By Sarah Phelan
This map shows just how huge the redevelopment project ( the yellow area) in Bayview Hunters Point has grown.
San Francisco Superior Court Judge Patrick Mahoney heard arguments in the Bayview Hunters Point redevelopment referendum case—then told both sides to file briefs more focused on the narrower question: namely, which documents should signature gatherers have attached to their petitions last summer, as they tried to put the Redevelopment Agency’s plan for Bayview Hunters Point to a public vote?
Last summer, petitioners—carrying a copy of a newly passed ordinance in which the Board of Supervisors authorized the redevelopment of 14,000 acres in BVHP—gathered more than 30,000 signatures—and therefore believed that they had succeeded in their quest to put the project to a vote on the November 2006 ballot.
But the City Attorney opined that they should have attached a copy of the BVHP redevelopment plan to the petition, and not just a copy of the ordinance that the Board had approved. As a result of the City Attorney’s opinion, the City Clerk rejected the petition. This rejection triggered a lawsuit from a group called the Defend BVHP Committee, who argued that the City Attorney’s opinion meant that they should have carted around documents the size of two phone books---a demand they deemed neither realistic nor fair, given that the City didn’t attach all these documents o the ordinance that the Board approved.
At the time, the City Attorney argued that the documents were “incorporated by reference” (they were mentioned by file name and number, and copies were available to the Supervisors before the ordinance passed.)
Asked about today’s hearing Alexis Truchon, a spokesperson for the City Attorney’s office, told the Guardian that the judge’s ruling.” “is trying to get down to the letter of the law.”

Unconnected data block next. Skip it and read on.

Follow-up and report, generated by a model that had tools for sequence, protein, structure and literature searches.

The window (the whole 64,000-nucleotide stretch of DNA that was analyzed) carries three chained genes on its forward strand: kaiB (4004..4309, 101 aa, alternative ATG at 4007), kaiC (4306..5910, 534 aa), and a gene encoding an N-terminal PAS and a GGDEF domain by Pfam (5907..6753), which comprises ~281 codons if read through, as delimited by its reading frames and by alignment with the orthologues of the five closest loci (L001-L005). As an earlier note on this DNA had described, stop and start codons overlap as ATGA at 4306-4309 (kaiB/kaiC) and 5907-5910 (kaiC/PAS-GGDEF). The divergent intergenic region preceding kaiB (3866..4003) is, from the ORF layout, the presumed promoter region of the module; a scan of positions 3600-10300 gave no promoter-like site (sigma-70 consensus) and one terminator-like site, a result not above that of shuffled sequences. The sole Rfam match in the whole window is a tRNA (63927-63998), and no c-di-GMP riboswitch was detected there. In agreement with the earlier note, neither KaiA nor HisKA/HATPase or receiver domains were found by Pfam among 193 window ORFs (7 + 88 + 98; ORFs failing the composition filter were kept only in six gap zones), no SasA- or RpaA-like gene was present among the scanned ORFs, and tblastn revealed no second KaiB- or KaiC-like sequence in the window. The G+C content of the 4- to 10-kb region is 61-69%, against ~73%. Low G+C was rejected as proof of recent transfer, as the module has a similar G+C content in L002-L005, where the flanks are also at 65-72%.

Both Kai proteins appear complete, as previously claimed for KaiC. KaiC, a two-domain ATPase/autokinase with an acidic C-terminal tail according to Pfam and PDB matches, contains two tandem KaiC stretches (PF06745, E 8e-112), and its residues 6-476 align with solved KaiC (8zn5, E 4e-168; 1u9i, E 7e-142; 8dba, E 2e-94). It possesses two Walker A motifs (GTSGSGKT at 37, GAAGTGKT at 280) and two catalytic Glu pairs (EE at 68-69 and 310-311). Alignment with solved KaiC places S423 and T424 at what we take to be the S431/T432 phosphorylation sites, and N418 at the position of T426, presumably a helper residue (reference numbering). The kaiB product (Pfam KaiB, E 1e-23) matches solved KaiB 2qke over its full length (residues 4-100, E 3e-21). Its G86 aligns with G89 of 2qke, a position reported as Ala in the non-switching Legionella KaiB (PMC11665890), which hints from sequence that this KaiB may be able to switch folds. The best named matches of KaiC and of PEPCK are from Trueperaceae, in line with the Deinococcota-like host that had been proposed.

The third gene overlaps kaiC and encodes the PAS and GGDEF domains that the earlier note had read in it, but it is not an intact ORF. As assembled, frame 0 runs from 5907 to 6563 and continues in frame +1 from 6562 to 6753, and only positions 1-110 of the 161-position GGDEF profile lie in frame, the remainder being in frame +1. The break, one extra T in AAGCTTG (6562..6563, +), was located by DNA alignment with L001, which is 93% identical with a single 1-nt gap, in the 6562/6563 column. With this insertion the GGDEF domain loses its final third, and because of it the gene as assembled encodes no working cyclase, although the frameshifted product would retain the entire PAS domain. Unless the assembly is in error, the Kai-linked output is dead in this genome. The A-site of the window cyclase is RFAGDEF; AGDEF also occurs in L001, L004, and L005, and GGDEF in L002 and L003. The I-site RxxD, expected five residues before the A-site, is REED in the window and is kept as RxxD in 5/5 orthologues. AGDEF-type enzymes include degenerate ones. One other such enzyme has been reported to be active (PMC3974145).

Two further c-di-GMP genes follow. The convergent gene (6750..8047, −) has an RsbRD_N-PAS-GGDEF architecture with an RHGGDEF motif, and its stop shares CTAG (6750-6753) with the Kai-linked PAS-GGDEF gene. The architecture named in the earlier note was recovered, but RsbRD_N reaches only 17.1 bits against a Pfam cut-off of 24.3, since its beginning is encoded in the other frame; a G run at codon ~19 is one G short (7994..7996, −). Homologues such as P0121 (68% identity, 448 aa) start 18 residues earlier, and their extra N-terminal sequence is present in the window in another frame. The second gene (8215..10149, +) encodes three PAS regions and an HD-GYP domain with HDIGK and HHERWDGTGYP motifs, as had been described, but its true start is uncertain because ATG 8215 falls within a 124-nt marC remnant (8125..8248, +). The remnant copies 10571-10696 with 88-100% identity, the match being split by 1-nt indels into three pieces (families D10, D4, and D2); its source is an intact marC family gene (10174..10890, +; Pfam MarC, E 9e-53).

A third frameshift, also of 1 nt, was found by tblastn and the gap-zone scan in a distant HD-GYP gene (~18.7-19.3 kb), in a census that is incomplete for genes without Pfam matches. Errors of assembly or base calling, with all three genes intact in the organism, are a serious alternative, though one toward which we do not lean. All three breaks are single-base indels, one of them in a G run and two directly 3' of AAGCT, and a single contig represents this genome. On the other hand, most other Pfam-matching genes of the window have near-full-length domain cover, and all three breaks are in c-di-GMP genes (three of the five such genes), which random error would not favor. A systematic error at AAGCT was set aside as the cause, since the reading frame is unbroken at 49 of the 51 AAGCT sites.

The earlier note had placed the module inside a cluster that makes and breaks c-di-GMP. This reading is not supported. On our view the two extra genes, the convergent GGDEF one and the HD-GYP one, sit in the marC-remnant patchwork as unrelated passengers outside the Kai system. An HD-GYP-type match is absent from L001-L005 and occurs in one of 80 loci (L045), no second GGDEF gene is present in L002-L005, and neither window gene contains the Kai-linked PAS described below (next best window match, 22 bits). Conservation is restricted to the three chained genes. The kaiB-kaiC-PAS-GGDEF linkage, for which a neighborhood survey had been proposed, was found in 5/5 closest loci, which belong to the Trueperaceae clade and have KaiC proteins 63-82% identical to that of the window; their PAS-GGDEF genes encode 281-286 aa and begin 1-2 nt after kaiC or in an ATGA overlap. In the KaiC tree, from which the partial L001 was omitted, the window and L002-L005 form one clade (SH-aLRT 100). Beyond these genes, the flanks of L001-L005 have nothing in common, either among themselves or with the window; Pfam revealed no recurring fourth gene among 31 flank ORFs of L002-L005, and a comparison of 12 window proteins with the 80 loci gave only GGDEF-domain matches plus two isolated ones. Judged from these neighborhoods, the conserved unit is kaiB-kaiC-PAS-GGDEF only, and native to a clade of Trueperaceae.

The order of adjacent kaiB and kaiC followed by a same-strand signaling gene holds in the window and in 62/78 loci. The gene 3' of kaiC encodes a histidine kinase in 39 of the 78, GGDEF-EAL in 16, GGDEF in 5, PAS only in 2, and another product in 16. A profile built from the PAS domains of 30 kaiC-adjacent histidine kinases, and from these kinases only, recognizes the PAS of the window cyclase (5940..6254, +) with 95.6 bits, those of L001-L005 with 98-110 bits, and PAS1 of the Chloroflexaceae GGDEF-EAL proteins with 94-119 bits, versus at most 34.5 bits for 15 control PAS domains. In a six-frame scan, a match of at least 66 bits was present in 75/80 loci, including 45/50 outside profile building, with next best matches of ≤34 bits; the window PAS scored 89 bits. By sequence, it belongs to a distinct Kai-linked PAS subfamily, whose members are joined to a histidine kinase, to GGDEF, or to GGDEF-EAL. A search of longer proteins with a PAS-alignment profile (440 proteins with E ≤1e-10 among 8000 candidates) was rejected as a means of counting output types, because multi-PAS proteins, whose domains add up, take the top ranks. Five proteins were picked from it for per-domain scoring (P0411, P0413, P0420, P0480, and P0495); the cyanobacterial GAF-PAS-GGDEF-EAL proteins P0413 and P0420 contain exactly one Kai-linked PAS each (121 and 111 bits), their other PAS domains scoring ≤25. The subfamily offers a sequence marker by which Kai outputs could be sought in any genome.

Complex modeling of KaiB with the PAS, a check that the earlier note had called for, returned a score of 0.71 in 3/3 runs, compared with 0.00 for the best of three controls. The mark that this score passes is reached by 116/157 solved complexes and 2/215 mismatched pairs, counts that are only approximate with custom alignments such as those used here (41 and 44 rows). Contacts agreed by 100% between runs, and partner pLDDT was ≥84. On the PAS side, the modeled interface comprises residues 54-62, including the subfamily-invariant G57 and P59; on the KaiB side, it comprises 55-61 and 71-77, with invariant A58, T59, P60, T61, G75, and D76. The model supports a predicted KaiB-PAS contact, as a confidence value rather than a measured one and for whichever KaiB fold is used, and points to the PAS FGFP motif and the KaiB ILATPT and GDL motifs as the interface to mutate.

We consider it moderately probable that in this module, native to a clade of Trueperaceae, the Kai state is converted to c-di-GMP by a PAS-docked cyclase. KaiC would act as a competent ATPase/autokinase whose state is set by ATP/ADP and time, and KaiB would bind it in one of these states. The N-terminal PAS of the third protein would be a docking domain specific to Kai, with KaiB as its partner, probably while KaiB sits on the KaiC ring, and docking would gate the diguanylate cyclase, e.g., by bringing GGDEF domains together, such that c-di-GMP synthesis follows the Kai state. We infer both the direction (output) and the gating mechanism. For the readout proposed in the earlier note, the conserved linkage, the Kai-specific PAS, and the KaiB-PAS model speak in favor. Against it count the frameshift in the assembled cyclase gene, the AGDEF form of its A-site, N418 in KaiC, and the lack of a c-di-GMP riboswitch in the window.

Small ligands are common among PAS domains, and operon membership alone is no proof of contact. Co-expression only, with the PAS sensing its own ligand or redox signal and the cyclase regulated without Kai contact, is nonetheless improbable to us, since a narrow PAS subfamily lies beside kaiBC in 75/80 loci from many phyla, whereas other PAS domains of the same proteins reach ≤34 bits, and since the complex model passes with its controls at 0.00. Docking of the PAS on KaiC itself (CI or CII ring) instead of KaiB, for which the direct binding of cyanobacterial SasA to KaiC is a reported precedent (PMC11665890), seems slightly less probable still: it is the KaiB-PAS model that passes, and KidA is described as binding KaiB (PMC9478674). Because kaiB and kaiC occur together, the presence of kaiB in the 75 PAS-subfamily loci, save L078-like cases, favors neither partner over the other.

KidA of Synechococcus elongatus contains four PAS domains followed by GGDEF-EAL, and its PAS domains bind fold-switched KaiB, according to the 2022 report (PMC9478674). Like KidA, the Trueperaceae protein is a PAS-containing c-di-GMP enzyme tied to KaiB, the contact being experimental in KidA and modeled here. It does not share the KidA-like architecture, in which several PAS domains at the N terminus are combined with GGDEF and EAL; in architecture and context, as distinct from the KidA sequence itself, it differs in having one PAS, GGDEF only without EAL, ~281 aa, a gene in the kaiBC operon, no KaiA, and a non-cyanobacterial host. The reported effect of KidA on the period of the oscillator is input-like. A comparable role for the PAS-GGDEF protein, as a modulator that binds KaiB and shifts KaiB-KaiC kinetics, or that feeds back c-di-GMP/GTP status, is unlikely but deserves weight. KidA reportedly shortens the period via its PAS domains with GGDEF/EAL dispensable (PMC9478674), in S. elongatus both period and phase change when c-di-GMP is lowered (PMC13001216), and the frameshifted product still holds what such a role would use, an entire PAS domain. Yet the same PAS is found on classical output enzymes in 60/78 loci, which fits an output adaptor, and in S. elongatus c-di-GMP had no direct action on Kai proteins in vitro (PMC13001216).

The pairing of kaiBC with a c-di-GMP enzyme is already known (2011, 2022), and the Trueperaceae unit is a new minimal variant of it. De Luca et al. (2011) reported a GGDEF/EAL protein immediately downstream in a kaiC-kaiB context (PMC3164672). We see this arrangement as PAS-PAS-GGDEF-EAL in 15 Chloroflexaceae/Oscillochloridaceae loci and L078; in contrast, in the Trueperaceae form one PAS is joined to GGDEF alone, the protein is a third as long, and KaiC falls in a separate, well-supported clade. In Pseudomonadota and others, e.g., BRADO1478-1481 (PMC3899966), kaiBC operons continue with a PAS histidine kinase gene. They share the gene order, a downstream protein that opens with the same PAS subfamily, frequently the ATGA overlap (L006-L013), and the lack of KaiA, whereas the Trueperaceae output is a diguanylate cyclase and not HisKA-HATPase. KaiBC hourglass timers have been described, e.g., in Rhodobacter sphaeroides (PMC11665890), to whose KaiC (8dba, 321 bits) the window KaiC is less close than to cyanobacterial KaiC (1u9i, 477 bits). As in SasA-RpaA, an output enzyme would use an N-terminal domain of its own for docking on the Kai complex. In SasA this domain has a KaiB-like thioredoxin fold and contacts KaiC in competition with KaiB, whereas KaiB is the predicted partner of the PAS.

Michael Grob, attorney for the Defend BVHP Committee, said that the judge seemed “genuinely concerned that this is a very difficult and intellectual problem.”
Acknowledging that “the physical burden –in this case the paperwork—is not something the law recognizes,” Grob insisted that the bigger issue was that the City never attached the plans to the ordinance that the City passed.
“So, if the City didn’t attach the plans, should that burden be placed on the petitioners?” Grob asked. “You’d think you could simply use what the City gave you, since they didn’t attach all this razzamatazz. Instead, you have the City passing judgment as to whether our referendum attempt passes muster. With so many documents involved in redevelopment plans, you could always argue that some part of the text was left out. For us, the point is, did people signing the petition know that by so doing they were objecting to a major 14,000-acre redevelopment project. The answer is yes, they knew that they were objecting to a major increase of land.”
Another issue emerging from this case is whether the City can simply incorporate plans by reference, or whether it, too, must attach the whole kit and caboodle, when the Board of Supervisors is considering ordinance. Are citizens be held to more rigorous standards than their elected representatives? And if that is indeed the case, do such rules need modification, especially in the face of several vast and ongoing redevelopment projects around the Bay? With the judge requesting new briefs by May 18, and a ruling expected within 90 days, stay tuned.